Besides the fashion models and photographers, other residents who traditionally hob nob with the area's mix of locals include European and American yuppies, fashion and music industry executives and the members of a thriving gay community.

Although visitors were once largely Europeans and Latin Americans, as well as hip New Yorkers and Los Angelenos, the visitor profile is becoming more mainstream as South Beach ascends in media prominence. Among the attractions is South Beach's parade of models, supplied by as many as 35 modeling agencies. The peripatetic glamour, both female and male, is impressive even in street attire.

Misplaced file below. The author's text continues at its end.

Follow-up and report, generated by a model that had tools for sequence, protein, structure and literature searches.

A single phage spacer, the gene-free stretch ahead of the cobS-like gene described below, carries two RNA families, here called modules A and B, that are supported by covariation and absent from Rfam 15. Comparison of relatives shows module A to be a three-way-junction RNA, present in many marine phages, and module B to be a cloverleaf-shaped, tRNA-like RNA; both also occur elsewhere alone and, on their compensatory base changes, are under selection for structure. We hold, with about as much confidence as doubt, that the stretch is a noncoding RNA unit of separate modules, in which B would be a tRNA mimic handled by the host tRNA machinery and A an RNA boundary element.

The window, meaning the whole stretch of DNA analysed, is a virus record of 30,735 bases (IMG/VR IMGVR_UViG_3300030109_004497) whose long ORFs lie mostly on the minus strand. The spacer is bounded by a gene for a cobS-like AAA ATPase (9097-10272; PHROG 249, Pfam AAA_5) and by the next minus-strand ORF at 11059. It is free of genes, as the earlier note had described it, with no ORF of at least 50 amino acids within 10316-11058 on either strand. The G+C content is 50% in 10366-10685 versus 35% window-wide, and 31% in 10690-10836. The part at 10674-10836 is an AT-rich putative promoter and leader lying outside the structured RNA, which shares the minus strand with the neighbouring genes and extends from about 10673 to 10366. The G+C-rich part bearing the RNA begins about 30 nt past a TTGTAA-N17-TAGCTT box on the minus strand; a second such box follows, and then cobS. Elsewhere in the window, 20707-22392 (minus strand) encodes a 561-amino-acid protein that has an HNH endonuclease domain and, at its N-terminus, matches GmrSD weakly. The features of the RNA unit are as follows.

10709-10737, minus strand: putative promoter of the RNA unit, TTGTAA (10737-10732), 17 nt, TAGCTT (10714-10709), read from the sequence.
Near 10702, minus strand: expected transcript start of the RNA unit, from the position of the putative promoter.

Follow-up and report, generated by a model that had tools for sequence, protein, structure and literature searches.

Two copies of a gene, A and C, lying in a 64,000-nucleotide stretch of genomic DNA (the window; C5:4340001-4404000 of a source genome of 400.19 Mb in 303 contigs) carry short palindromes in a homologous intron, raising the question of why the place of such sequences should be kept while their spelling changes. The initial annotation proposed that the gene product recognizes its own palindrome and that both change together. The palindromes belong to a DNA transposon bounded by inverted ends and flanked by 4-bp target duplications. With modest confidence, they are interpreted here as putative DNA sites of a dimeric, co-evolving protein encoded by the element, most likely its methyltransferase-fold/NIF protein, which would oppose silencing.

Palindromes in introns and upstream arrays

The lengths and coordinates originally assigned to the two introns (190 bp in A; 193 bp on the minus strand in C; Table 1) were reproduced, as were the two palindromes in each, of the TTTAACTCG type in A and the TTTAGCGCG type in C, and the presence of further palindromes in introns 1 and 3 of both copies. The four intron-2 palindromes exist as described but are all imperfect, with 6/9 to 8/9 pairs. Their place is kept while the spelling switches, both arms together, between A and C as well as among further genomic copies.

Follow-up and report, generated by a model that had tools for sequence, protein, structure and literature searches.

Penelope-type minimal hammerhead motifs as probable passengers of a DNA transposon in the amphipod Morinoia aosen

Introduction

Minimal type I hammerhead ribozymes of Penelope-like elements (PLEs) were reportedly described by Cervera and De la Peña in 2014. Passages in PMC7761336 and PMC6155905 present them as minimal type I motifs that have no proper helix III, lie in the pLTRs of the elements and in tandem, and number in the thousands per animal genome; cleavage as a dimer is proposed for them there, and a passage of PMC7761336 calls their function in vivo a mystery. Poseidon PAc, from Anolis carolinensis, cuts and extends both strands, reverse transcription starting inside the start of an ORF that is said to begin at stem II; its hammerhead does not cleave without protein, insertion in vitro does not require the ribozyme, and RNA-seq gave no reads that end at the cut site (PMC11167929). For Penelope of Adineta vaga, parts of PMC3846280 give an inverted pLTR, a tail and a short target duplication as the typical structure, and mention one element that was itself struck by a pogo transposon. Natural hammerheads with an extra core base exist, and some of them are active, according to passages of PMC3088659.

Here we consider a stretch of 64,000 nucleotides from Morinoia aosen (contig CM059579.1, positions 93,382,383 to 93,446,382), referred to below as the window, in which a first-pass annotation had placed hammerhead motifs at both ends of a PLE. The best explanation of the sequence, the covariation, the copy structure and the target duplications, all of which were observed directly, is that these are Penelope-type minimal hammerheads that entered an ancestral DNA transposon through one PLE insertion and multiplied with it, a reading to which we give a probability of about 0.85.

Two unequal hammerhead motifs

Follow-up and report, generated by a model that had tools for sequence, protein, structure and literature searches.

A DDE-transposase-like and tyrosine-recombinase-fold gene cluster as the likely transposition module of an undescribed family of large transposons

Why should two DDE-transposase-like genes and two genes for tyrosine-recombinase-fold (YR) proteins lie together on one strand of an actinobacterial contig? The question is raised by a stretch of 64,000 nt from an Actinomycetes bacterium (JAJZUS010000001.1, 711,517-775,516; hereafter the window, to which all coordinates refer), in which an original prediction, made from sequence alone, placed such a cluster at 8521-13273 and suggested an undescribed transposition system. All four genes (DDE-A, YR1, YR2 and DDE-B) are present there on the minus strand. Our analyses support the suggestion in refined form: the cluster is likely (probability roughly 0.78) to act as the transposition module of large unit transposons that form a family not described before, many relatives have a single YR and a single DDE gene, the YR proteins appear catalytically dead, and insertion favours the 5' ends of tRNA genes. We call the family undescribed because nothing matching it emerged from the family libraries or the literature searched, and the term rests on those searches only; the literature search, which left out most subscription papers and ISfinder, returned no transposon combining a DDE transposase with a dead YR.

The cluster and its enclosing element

Back at the Ocean Drive cafe scene, the decibel level is too high for many picky diners. For these, restaurants on Lincoln Road and Washington Avenue offer an ambience more congenial for concentrating on food.

As on Ocean Drive, the menus are light years away from the matzoh ball soup and cheesecake of such luminaries of bygone days as Wolfie's and Pumpernick's.

In their place are chefs like Jonathan Eismann of Pacific Time on Lincoln Road, who was in such demand for his Asian fusion cuisine he opened another venue, called Next Door.

And on Washington Avenue, at Astor Place under the glass atrium in the Astor Hotel, newcomer Johnny Vinczencz is touted for his jerked tuna, wild mushroom pancakes and corn-crusted yellowtail. It's a long way from the days of Arthur Godfrey and Jackie Gleason, who first put this area on the map.